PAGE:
Willow Creek elders hope to put Hybels harassment scandal to rest in statement

  • The Rev. Bill Hybels makes the announcement he is stepping down as lead pastor of Willow Community Church in April 2018.

    The Rev. Bill Hybels makes the announcement he is stepping down as lead pastor of Willow Community Church in April 2018. Daily Herald file photo April 2018

 
 
Updated 7/20/2019 3:57 PM

Willow Creek Community Church elders have issued what they described as a final public statement on the sexual harassment scandal involving founder Bill Hybels, saying they still wanted to meet with the charismatic pastor but that he had chosen not to engage yet.

To female parishioners who had accused Hybels of misconduct in 2018 and suffered retaliation by members of the evangelical megachurch, the elders said Friday, "We believe your allegations against Bill."

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"We ask anyone who participated in verbal and written attacks to prayerfully examine their actions, apologize for wrongdoing and seek to mend the relationship."

An independent panel of Evangelical Christian leaders in a report last year found allegations of sexually inappropriate words and actions by Hybels toward several women in the congregation credible and that he verbally and emotionally intimidated church employees.

Hybels founded the South Barrington-based church in 1975 and resigned early in April 2018. His exit was followed by a slew of departures by top church staff members and the previous elder board.

Hybels contributed to Willow Creek for more than 40 years, but "unchecked sin and intimidating behavior resulted in harm that is still felt to this present day," the elders said.

                                                                                                                                                                                                                       
 

"This is our last public statement intended to directly address the events of 2018 ... We will continue to work privately with individuals seeking renewed relationships and reconciliation."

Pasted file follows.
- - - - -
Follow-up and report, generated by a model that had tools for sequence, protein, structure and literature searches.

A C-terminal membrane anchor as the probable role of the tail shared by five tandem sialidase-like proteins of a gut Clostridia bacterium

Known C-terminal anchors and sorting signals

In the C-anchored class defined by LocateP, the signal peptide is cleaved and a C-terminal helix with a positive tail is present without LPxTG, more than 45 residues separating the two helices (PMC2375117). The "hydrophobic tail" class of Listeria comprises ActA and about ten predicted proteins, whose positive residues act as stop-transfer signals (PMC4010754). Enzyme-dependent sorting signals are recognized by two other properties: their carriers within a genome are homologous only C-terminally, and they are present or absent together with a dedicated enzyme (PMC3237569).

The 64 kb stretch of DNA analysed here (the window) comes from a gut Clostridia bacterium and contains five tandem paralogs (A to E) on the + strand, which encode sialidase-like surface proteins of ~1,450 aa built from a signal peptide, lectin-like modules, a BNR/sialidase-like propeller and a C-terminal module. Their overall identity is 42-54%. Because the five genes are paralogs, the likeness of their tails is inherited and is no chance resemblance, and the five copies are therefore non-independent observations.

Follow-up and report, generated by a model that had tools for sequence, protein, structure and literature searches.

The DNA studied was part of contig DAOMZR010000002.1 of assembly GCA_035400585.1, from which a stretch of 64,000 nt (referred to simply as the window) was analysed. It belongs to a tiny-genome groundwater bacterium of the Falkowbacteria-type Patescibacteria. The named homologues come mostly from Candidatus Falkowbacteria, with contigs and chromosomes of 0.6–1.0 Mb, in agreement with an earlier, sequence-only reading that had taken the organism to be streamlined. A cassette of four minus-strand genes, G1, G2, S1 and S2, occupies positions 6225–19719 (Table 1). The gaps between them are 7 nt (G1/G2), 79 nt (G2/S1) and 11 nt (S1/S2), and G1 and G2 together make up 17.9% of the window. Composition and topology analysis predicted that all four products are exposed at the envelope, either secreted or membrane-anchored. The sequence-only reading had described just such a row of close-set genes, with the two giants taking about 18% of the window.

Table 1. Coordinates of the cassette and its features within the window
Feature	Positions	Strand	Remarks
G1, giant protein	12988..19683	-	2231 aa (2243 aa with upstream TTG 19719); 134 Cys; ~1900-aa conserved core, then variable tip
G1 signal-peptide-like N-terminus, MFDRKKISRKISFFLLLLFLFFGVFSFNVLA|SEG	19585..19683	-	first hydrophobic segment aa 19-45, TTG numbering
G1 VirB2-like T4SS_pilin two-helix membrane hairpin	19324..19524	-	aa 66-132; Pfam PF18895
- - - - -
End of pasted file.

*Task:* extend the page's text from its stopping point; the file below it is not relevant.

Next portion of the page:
The church will hold a related worship and reflection service at 7 p.m. Tuesday, July 23, in South Barrington.

In the last months, the board of elders had reached out to former staff members and elders, women victimized by Hybels and to the pastor himself, they explained.

"We welcome the opportunity to meet with (Hybels) to aid in healing and reconciliation," the statement noted. Elders said they issued the statement because there were "specific harms that needed to be named" involving Willow Creek staff members, the previous elder board, and organizations with connections to Willow Creek.

For example, "there was an unfair assumption that you acted with malice," the statement said of the 2018 elders. "We have seen the public anger and judgment directed toward you. We believe that Bill's denials and failure to acknowledge sinful, intimidating, and overly controlling behavior led leaders to make statements that were misinformed and incomplete."

And, to past and current staff members, "we recognize that you too have suffered harm in broken relationships, trust, and sense of community," the elders said.

Willow Creek is based in South Barrington but has other locations including Crystal Lake, Huntley and Wheaton.

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